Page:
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Unpacking the afro swimming cap ruling

Unpacking the afro swimming cap ruling

If you haven’t heard of Soul Cap before the Olympics ruling, here’s a quick rundown. Started by two best friends, the brand fills a gap in the market by supplying caps to swimmers with Afro type hair.

We came across Soul Cap on Instagram a few months ago and instantly felt excited about the brand, it was one of those moments where you find something you didn’t even know you were looking for! We had never really considered the issue of swim caps but now a solution was presented to us, we were ecstatic. We thought of all the black kids who skipped out of swimming in their youth due to their hair, and all of the adults who could finally pursue swimming as a serious hobby.

The Stats and Facts

You’ve probably all heard the stereotype that black people can’t swim but where does it come from?

According to a report published by Sport England, 80% of young black people and children in England do not swim, rising to 95% where adults are concerned. (Sport England, 2020)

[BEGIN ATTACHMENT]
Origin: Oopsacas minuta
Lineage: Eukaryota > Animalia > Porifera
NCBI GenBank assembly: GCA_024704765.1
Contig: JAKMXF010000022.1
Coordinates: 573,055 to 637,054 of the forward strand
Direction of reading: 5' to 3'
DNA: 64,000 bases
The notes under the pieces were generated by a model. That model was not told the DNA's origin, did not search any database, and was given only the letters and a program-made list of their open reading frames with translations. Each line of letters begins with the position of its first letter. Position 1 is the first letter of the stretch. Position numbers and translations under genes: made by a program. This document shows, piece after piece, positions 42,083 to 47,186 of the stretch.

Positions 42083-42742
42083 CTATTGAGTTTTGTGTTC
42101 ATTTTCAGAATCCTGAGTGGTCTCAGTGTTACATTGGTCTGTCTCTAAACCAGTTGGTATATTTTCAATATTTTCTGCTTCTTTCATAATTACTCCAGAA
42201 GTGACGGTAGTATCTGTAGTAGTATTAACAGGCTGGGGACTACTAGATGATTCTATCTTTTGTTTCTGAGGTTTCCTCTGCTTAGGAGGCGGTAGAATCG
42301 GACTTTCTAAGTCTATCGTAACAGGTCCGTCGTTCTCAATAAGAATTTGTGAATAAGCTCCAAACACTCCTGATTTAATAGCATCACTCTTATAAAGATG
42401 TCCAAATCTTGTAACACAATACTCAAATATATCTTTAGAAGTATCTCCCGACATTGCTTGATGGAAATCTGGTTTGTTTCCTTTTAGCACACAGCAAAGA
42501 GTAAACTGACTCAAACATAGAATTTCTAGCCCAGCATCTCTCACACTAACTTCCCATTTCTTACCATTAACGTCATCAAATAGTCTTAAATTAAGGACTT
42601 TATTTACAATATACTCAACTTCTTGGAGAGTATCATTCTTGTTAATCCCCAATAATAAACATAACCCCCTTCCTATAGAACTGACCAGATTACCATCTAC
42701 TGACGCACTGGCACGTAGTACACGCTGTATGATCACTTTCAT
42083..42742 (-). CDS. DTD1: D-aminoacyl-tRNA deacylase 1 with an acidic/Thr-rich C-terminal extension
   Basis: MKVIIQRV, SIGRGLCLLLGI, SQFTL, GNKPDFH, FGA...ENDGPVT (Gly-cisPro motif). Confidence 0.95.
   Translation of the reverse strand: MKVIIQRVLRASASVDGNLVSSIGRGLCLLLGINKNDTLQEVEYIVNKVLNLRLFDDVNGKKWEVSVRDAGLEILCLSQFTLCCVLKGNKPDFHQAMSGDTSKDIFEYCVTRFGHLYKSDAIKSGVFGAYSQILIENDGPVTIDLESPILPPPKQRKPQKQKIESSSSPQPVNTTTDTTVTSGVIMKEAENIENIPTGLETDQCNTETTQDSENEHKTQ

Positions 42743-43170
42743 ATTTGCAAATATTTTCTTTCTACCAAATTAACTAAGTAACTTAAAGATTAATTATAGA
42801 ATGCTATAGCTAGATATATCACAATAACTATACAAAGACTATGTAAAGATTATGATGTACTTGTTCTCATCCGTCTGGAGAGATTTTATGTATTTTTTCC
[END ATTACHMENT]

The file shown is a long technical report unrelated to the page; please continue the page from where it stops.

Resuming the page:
There are many possible reasons for these statistics: swimming is costly, particularly competitively and access has historically been a huge issue. Segregation meant that black people were banned from public pools and lacked education surrounding the topic. The result? Fear. Fear is a powerful emotion, especially when passed down generationally, it can be paralyzing and safer to ignore than to confront.

Although access issues have improved since then, representation is still a big problem. Why would representation improve when essential equipment like adequate swimming caps are overlooked? The experience of being Black in the West seems to be a series of compromises, why should black swimmers do the mental and physical gymnastics to ‘tame’ their hair so they fit into caps, when they could simply be catered for?

The international body of swimming’s decision to reject Soul Cap’s application to be certified for use at competitions is a blatant disregard for black swimmers and shows that they have little desire to diversify the sport. By banning Soul Cap, all the work done to inspire new generations of Black swimmers could be stopped and even undone. To say that the caps don’t follow “the natural form of the head” is entirely ignorant and naturally excludes those with bigger hair types.

What can we do?

Although disappointing, I can’t say the decision came as a surprise, which is a problem in itself. We have come to expect objections to things that help black people. So what can we do? We can continue to fight for what is right and we most definitely should show support for Soul Cap! Change can be slow and tedious, but if enough of us rally behind causes, we have a greater chance of making a difference.

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